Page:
10 maps, 1 b/w photo, 9 illustrations, index
Text language: English
The present volume is dedicated to Hugh Clapperton’s journals, re-discovered, transcribed and revised by the author. It is not only a simple text edition but contains a comprehensive introduction where the Borno Mission (1822–1825) is described. Furthermore, Lockhart critically deals with Clapperton’s biography.
The author successfully combines the original text with comprehensive annotations without ever losing its orthographic and stylistic characteristics. Hugh Clapperton was one of the first British explorers to enter the central Sahara, but his journals were lost for over a hundred and fifty years, and have never been published before. They show him to be one of the most sensitive and sympathetic travellers, his observations untainted by any sense of moral superiority.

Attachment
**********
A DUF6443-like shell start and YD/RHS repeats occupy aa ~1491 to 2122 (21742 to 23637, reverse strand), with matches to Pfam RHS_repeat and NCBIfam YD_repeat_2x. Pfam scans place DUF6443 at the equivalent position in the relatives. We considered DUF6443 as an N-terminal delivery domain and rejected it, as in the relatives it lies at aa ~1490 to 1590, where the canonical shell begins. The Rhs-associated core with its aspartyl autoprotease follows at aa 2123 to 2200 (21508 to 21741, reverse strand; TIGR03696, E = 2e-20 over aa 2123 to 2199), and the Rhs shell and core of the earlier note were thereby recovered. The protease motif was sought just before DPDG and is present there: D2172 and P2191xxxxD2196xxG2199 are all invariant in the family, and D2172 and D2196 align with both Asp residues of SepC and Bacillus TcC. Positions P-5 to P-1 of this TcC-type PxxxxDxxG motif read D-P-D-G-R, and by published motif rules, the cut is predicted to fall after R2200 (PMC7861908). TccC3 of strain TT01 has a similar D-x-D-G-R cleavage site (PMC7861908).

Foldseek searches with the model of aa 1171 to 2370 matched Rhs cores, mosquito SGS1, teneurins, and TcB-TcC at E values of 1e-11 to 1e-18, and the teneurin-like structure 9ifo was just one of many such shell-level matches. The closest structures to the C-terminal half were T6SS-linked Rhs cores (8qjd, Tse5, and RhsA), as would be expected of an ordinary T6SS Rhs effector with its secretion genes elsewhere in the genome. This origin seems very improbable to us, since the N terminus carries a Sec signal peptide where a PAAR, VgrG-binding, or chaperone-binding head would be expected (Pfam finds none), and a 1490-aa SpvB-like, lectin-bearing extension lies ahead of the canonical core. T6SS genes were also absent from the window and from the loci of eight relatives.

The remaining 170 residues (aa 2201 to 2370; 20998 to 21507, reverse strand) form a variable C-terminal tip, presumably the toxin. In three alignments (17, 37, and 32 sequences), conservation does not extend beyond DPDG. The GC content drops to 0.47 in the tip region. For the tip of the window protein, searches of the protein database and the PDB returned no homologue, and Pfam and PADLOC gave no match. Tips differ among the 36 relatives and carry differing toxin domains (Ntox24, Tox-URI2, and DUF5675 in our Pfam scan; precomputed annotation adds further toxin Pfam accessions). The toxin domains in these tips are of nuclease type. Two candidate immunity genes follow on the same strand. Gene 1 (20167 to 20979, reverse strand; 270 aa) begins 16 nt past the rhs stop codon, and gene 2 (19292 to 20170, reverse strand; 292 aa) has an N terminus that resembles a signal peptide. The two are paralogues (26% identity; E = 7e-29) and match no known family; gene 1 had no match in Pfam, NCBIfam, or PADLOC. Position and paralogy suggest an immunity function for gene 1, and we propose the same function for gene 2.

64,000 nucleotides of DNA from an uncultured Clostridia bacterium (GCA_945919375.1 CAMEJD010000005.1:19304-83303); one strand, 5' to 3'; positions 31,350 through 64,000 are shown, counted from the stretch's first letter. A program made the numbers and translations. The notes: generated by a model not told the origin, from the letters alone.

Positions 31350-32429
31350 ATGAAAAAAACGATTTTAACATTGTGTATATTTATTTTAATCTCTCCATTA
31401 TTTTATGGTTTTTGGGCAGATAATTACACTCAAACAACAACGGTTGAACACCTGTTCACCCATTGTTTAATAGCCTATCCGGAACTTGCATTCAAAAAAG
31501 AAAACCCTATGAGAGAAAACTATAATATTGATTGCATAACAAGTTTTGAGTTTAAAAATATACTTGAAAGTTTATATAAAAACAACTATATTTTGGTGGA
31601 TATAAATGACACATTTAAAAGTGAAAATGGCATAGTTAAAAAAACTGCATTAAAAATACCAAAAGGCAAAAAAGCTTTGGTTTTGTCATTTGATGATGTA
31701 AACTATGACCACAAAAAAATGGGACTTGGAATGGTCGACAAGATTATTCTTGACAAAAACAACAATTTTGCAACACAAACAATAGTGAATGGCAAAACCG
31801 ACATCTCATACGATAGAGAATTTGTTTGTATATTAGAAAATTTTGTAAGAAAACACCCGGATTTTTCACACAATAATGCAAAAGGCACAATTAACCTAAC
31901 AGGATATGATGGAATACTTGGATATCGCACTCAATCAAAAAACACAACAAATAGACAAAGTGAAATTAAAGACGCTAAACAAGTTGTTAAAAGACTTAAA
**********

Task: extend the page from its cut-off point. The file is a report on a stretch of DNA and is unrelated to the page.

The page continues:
Hugh Clapperton has a sharp eye for detail, be it wind-stiller magicians, the effect of the evil eye, or slave skeletons round a well-head, and a gift for friendship, whether drinking palm wine with renegades, bantering with local women or delighting in the company of dignified tribal sheikhs. Numerous facsimile reproductions and maps illustrate the text.
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